At least 100 large trees in Ann Arbor’s public right-of-way will be pruned with a $50,000 grant from the USDA Forestry Service. The city council authorized the receipt of the grant at its Dec. 16, 2013 meeting
The pruning program would target those trees in the public right-of-way that are most in need of pruning (Priority 1). The initiative is also focused on the larger of the city’s street trees – those bigger than 20 inches in diameter. Those are the trees that have the greatest impact on the mitigation of stormwater.
According to the staff memo accompanying the resolution, the city of Ann Arbor has over 46,600 street trees, counting street trees and those in parks. According to the staff memo: “Those trees intercept over 65 million gallons of stormwater annually and remove pollutants, such as fertilizer, oils, and pesticides, before they can enter local water bodies (USDA Forest Service i-Tree Streets Analysis of Ann Arbor, 2009).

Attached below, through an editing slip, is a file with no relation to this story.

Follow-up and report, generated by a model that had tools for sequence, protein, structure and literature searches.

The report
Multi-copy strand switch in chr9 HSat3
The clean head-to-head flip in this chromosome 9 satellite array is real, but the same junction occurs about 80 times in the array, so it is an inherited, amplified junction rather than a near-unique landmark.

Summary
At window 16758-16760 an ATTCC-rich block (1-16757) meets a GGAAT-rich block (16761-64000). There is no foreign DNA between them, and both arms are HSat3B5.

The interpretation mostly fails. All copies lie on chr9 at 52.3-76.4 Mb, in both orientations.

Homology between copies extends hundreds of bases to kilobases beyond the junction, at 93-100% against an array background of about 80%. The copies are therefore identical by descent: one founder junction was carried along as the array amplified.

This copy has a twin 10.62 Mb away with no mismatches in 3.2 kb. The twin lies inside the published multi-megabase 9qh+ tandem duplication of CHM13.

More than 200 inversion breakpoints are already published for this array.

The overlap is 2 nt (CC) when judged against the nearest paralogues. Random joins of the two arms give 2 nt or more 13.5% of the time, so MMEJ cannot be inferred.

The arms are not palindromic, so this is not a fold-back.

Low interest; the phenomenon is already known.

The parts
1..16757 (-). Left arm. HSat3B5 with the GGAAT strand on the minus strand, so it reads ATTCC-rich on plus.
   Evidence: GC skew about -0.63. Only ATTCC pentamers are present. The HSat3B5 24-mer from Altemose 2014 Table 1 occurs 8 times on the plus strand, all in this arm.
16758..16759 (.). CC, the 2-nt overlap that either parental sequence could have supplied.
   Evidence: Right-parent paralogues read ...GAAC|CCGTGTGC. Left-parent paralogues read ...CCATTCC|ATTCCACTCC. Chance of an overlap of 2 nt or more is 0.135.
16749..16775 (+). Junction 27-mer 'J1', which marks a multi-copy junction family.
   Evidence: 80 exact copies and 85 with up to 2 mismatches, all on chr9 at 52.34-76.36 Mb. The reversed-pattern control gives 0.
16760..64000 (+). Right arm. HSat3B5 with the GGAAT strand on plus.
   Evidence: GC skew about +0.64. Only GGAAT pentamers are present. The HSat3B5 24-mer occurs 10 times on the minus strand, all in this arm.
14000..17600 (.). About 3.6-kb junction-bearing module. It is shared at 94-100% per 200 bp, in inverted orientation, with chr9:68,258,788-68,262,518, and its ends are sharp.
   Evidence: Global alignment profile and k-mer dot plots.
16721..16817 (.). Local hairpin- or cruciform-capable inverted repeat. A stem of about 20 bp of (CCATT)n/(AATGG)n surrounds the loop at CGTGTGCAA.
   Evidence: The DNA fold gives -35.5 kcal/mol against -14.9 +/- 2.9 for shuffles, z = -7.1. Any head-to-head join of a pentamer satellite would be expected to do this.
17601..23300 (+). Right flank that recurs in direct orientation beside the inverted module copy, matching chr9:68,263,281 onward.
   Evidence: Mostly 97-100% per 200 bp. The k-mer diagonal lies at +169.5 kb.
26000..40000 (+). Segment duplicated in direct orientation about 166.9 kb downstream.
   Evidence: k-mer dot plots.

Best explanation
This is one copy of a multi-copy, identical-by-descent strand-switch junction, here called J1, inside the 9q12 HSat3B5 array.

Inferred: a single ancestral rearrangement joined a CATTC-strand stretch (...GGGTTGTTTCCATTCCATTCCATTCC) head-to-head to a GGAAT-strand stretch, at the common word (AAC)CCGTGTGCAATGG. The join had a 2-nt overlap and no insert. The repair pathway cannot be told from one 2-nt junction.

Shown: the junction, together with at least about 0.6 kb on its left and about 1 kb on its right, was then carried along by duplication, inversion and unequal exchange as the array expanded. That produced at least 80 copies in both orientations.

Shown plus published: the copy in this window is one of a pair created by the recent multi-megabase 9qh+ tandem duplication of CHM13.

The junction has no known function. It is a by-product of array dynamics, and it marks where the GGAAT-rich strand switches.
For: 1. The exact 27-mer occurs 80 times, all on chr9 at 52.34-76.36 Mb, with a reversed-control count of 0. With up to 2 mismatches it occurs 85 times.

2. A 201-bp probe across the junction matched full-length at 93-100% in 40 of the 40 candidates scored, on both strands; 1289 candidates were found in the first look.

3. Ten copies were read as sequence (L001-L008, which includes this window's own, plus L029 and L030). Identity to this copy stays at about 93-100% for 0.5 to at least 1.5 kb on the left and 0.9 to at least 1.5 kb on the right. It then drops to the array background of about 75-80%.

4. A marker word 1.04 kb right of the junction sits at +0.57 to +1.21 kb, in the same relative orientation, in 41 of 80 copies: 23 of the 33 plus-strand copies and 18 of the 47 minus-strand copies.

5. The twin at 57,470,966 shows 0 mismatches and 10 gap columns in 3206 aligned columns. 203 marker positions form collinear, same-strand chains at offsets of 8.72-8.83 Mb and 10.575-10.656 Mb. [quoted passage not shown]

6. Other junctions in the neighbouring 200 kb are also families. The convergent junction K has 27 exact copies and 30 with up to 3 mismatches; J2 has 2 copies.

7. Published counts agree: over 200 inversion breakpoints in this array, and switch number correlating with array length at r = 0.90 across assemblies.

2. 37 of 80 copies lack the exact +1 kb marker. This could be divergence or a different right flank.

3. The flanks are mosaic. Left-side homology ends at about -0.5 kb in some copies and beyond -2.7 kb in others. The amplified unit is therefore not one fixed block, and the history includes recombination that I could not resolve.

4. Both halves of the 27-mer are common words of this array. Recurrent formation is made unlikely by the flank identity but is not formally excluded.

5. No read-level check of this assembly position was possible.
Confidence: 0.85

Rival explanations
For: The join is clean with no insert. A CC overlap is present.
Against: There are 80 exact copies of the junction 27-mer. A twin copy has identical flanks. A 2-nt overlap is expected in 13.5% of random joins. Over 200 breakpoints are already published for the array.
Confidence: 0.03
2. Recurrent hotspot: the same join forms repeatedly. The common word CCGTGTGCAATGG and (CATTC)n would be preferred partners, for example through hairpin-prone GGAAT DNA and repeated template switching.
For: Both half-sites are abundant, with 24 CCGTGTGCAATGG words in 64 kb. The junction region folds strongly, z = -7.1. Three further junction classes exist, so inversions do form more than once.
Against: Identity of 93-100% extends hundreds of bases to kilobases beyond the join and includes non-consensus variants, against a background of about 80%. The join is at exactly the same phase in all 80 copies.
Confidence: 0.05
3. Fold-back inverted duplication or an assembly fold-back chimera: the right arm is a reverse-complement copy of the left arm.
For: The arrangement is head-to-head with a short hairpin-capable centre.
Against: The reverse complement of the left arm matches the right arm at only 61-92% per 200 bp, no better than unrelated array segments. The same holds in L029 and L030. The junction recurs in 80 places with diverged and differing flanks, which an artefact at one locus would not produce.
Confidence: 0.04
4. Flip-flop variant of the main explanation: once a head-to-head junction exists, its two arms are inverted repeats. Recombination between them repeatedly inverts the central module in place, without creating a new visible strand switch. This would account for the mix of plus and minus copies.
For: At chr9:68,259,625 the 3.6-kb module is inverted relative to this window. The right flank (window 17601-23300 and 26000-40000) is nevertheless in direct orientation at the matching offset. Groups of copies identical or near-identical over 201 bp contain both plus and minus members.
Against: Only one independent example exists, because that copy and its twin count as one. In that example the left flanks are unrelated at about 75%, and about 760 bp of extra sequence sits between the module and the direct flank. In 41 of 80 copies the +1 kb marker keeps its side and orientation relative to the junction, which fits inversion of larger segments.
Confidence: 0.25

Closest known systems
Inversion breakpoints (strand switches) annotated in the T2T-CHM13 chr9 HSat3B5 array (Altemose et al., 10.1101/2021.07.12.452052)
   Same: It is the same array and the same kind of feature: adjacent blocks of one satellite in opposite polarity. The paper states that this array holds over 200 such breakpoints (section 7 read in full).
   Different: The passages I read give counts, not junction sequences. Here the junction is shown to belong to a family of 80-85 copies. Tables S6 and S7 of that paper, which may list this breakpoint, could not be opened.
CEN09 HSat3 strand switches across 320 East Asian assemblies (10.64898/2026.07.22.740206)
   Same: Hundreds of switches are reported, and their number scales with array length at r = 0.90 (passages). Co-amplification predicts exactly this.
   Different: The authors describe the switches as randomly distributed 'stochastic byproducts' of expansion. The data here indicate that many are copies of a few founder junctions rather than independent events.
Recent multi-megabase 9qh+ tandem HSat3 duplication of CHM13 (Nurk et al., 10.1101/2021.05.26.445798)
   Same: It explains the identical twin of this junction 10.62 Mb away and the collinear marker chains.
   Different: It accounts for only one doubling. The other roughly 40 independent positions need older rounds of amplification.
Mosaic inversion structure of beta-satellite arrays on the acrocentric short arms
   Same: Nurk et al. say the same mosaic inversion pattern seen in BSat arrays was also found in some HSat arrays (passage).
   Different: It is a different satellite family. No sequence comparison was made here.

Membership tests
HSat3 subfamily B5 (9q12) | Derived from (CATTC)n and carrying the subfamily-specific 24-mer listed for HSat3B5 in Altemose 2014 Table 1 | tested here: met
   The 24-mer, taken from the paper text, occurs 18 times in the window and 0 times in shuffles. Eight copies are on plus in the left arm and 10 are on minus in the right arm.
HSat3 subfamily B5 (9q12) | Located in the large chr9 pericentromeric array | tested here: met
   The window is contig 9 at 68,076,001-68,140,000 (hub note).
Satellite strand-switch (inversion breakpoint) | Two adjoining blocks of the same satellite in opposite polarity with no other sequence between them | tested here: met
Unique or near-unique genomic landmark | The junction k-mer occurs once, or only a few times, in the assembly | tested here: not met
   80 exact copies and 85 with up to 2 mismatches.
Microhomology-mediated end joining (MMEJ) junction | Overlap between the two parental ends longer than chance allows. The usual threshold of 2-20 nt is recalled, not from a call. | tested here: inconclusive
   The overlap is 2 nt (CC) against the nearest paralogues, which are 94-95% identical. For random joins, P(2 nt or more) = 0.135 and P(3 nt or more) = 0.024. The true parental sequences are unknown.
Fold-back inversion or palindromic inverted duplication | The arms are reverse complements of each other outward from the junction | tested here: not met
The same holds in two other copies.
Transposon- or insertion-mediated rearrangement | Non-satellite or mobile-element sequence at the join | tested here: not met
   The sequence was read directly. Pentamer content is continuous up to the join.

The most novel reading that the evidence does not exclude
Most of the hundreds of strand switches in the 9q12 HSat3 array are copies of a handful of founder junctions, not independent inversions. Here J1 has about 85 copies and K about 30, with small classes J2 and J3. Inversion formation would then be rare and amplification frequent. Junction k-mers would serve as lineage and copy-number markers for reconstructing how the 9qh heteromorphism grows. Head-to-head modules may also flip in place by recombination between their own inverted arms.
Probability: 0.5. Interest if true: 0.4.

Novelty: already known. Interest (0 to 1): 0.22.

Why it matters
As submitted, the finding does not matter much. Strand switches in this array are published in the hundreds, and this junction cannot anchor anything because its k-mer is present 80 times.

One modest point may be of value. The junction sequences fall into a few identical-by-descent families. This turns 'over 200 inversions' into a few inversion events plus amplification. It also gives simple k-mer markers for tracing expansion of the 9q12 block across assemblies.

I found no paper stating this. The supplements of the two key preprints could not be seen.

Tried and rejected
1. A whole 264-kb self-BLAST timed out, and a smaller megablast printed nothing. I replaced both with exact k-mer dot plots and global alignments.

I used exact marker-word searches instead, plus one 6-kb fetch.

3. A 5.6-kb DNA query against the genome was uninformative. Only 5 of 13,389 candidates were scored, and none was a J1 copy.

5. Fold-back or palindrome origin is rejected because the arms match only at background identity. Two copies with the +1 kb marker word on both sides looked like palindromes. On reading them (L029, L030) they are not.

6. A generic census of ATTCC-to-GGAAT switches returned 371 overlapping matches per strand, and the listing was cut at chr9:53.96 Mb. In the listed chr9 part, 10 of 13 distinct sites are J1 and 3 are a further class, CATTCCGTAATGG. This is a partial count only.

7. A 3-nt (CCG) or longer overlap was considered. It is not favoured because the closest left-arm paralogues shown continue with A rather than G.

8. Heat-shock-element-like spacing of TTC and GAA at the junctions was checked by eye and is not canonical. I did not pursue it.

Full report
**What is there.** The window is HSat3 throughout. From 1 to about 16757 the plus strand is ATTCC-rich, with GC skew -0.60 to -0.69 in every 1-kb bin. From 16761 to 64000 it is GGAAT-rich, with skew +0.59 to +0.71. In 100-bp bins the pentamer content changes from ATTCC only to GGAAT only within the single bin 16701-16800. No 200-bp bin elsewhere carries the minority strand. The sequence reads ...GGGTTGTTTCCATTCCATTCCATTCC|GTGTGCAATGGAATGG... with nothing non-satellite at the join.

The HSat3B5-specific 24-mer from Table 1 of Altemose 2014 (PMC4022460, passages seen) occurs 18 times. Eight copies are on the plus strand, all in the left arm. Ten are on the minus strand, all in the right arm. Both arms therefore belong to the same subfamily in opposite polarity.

Here’s where the trees targeted by the program are located:
From the city’s online tree inventory, The Chronicle searched for trees greater than 20 inches in diameter and designated as Priority 1 for pruning. A total of 684 trees fit those criteria. Here’s how they broke down by height, diameter and species.
This brief was filed from the city council’s chambers on the second floor of city hall, located at 301 E. Huron. A more detailed report will follow: [link]